Friday, November 27, 2015

A Square Meal in Waxahachie

Gingerbread house
Since it was a lovely autumn day, we decided to take a leisurely drive down to Waxahachie. The town is not named after an ‘Indian tribe’, but may mean ‘river of buffalo dung’ or simply ‘buffalo’; it depends on who you talk to as to the meaning of this name.  Of the possible Native American language origins, the Alabama language, spoken by the Alabama-Coushatta people who had moved to eastern Texas in the 1850s seems the most likely point of origin. However, in the Alabama language, waakasi hachi means ‘calf's tail’. In any case, Waxahachie was founded as the seat of Ellis County in August, 1850. The land was donated given by Emory W. Rogers who had come to Texas in 1839. With the arrival of a rail line from Waxahachie Tap Railroad to Garrett, Texas, the population increased, making Waxahachie a viable community. This area was once home to thick groves of sycamores as well as one of the largest primary cotton markets in Texas. A textile mill using the lower grades of locally produced cotton, manufactured duck and other heavy materials. There were also two large cottonseed oil mills and a cotton compress. During the Civil War a powder mill was operated by the Confederate government in Waxahachie, but an explosion ended the enterprise in 1863. The city was also the site of Trinity University. This school was in operation for about 40 years, moving in 1942 to San Antonio.

Friday, November 20, 2015

Off to Alvarado

Top L to R: Horse sculpture, downtown area
Bottom: Downtown area
It was a rainy, fall day in North Texas and we wanted something to do so we took a drive to Alvarado for lunch. Alvarado is the oldest town in Johnson County and is fairly calm until Saturday nights when it gets marginally more exciting, according to local residents. Located just fifteen miles east of the giant metropolis of Cleburne, it began when David Mitchell established a trading post near Alvarado in 1849, about the time colonists of M.S. Peters’ empresario land grant began of settle the area. William Balch settled this area, then returned with his family in the spring of 1851. He established the Sprawler Hotel, so named because his many guests sometimes had to sleep on pallets in the front yard. Balch became known as the ‘Father of Alvarado’ for having the town site surveyed in 1854, establishing the first general merchandise stores on the square and for donating land for a cemetery, school and union church. This first school had a sturdy, eight-foot fence to keep the students from being trampled under the hoofs of passing north- and west-bound herds of cattle.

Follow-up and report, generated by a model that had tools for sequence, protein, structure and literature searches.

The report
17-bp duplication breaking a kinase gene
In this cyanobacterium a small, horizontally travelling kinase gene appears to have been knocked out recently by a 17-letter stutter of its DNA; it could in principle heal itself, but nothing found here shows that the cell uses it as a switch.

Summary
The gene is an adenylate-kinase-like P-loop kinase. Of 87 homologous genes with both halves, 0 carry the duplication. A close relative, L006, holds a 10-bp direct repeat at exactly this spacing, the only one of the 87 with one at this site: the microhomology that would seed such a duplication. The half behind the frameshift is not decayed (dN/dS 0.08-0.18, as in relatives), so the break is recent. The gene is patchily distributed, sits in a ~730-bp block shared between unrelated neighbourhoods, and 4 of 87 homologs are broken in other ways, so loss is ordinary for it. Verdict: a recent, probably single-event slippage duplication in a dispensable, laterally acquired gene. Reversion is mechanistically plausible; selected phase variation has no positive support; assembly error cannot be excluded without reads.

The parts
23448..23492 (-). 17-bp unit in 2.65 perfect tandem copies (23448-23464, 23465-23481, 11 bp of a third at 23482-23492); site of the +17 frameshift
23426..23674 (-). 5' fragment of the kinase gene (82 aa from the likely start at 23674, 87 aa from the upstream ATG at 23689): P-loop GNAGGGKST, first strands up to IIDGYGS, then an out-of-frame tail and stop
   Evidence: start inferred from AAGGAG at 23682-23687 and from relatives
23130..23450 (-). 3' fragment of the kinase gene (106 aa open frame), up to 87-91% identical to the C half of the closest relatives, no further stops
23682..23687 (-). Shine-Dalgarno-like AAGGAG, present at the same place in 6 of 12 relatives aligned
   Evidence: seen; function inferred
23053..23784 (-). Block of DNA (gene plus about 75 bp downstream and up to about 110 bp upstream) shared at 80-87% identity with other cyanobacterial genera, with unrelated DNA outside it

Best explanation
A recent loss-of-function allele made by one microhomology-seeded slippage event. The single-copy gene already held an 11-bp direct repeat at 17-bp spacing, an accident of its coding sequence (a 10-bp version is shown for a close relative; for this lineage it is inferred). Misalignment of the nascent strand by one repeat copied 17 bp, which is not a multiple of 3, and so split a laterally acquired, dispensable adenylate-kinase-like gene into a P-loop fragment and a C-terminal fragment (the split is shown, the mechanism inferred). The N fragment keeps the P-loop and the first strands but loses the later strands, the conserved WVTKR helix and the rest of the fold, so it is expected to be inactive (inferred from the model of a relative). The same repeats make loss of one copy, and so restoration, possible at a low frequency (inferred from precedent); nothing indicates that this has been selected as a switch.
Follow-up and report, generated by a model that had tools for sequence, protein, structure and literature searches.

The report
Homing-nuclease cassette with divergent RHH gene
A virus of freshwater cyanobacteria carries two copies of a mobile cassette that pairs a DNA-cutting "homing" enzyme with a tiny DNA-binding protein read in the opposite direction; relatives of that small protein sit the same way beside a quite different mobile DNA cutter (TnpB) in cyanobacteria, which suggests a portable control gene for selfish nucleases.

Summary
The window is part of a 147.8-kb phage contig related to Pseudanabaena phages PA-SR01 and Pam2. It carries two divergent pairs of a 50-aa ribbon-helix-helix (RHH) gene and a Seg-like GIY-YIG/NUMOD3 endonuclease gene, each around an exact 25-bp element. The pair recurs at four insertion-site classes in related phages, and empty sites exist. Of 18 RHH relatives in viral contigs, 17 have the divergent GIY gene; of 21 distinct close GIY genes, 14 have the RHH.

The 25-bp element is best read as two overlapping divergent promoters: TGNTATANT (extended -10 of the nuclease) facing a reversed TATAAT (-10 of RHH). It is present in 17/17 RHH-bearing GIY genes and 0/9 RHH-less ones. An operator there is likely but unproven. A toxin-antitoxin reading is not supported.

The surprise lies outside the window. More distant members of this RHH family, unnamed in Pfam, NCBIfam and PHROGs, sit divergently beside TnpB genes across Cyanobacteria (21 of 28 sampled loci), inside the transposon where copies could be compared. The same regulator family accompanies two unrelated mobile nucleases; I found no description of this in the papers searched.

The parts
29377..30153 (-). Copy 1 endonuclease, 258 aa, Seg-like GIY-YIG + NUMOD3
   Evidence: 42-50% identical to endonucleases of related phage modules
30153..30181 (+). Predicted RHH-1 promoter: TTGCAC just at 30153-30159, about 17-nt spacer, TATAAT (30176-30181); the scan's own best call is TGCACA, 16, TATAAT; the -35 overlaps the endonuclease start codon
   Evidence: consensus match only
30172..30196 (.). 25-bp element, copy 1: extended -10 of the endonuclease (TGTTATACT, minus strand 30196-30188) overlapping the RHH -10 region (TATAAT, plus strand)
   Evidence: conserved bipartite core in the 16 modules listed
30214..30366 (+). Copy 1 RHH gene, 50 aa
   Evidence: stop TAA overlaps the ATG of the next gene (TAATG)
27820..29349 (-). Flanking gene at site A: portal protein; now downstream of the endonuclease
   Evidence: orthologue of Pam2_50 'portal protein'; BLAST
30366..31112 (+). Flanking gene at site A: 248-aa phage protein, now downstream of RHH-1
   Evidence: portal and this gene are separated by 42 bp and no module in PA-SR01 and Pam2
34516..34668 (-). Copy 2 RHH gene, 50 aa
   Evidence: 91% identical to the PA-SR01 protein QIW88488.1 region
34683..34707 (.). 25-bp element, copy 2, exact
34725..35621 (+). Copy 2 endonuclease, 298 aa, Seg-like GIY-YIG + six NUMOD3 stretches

Friday, November 13, 2015

Retreating in San Diego and Reviews

Dome of new San Diego Public Library
In the 1990s I spent several summers teaching hands-on science to elementary teachers in San Diego, California. It was also in this lovely city that I acquired my obsession with tiny glass beads and my passion for making beaded jewelry. So when the opportunity arose to come back to one of my favorite places and to indulge my appetite for beady creations, I didn’t hesitate. On all of my previous visits, the San Diego Zoo and the San Diego Wildlife Park were on my list of things to do, but this time I decided to forego these two favorites for the exploration of some places I hadn’t seen. Each earlier visit had also required that I rent a car, but on this occasion I decided to use other methods of transportation to get around the city; this turned out to be a good idea.

Friday, November 6, 2015

White Rocks and Foreign Food

White Rock Lake
There aren’t too many times that I actually go to downtown Dallas, but I do end up in ‘North Dallas’ rather frequently. Although ‘North Dallas’ used to be thought of as just north of downtown, the area has grown to include the area all along Central Expressway. However, this visit took me to a spot very near White Rock Lake. Although I’ve never been there at night, many people have reported offering a young woman who is dripping wet a ride to her home on Gaston Avenue. When they get to the house, the woman has disappeared, leaving the car seat covered in water. The ‘Lady of White Rock Lake’ was drowned during a boating accident in the 1930s.